This is not an easy reality for me to acknowledge, and though I probably suspected it for months, I was able to ignore it on the basis that I was never home long enough to know I was right. But this past Christmas was the first time in maybe a year I was home long enough to get reacquainted with the flow of day-to-day life was like.

And it was slow. And boring. And small. And for the first time since I left I realized there was no denying that I had become the person I always hated: the guy who leaves Windsor and finds himself a little ashamed when he comes back. And I was okay with it.

The thing I realized tooling around with my man Hollywood on Boxing Day was that while I feel like my average speed has moved up, Windsor's has stayed the same. There's no way to say that without feeling like an arrogant prat, but it's the truth. Even in the most mundane activities here, you see more, experience more, live more than you do back home. Example: when I lived in Amherstburg, it would take anywhere between 25 - 35 minutes to drive to Windsor. Lady Trail and I drive for longer than that finding a Taco Bell across town, and it's not as soul crushingly boring as that commute up Howard Ave. used to be. Because there's something to look at other than fucking cornfields and a driving range.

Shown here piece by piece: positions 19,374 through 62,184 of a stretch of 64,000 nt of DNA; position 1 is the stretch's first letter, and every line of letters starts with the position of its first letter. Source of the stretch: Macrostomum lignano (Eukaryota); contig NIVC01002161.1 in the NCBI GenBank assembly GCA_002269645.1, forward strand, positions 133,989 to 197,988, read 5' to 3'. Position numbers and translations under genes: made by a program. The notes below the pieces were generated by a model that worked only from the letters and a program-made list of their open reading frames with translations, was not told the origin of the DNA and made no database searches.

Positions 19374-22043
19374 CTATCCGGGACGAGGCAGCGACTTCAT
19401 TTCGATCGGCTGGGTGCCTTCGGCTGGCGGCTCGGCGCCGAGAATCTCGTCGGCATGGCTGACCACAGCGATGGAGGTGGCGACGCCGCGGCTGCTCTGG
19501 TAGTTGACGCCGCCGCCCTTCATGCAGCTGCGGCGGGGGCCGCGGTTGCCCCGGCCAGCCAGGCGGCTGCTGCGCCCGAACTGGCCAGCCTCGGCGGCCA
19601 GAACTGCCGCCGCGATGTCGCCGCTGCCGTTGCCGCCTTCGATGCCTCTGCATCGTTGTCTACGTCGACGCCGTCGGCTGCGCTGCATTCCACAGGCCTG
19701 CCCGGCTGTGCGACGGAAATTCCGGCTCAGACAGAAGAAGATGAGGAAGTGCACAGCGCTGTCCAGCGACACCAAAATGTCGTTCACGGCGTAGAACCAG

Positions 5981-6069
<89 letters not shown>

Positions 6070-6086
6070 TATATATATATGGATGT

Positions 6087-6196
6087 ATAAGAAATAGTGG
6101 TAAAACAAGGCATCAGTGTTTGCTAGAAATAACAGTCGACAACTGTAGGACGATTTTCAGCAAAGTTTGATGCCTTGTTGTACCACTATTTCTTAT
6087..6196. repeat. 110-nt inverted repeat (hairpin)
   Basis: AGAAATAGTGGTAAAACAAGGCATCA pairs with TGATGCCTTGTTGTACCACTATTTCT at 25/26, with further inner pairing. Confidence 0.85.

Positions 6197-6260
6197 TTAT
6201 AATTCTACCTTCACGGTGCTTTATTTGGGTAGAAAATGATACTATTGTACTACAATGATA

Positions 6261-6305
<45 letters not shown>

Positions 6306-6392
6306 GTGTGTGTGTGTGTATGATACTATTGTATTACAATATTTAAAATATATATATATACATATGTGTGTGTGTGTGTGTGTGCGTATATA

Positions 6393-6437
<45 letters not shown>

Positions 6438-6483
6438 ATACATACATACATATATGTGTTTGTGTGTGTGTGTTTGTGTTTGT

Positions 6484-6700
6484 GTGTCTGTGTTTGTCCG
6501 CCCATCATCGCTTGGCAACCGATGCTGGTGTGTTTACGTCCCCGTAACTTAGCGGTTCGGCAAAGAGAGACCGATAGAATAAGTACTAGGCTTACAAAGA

So it is with a lighter heart than I was expecting that I bid you goodbye, Windsor. If not to you than to what you represent. I think I never fully let go of you, and that was a mistake, but it was the only way I knew how to leave. You were all I knew, and I had to take you with me when I left. You were never really what I wanted, but I made you work, like this beat up Moleskine. But if I now have what I want, why am I still holding onto you? Why am I fighting against who I am now, reluctant to appreciate everything I love about Toronto? Because I'm afraid of betraying you? Unlikely, you washed your hands of me the second I left. I've been in your shoes, I've done the same thing. So be it.

These are the dark days for you, Windsor. The auto economy is tanking, the Greenlink plan is bleeding money for nothing, tuition is going up and up and up. And it's gonna hit bottom before it bounces upward. But I have faith in you. I know there are enough of you who don't adhere to what the Star or Gord Henderson tell you [one last time: Gord? You're an imbecile], who don't want to feel like the victims the city's narrative is trying to construct for you. And I hope you find the strength and support to get up and bring the change the city so desperately needs.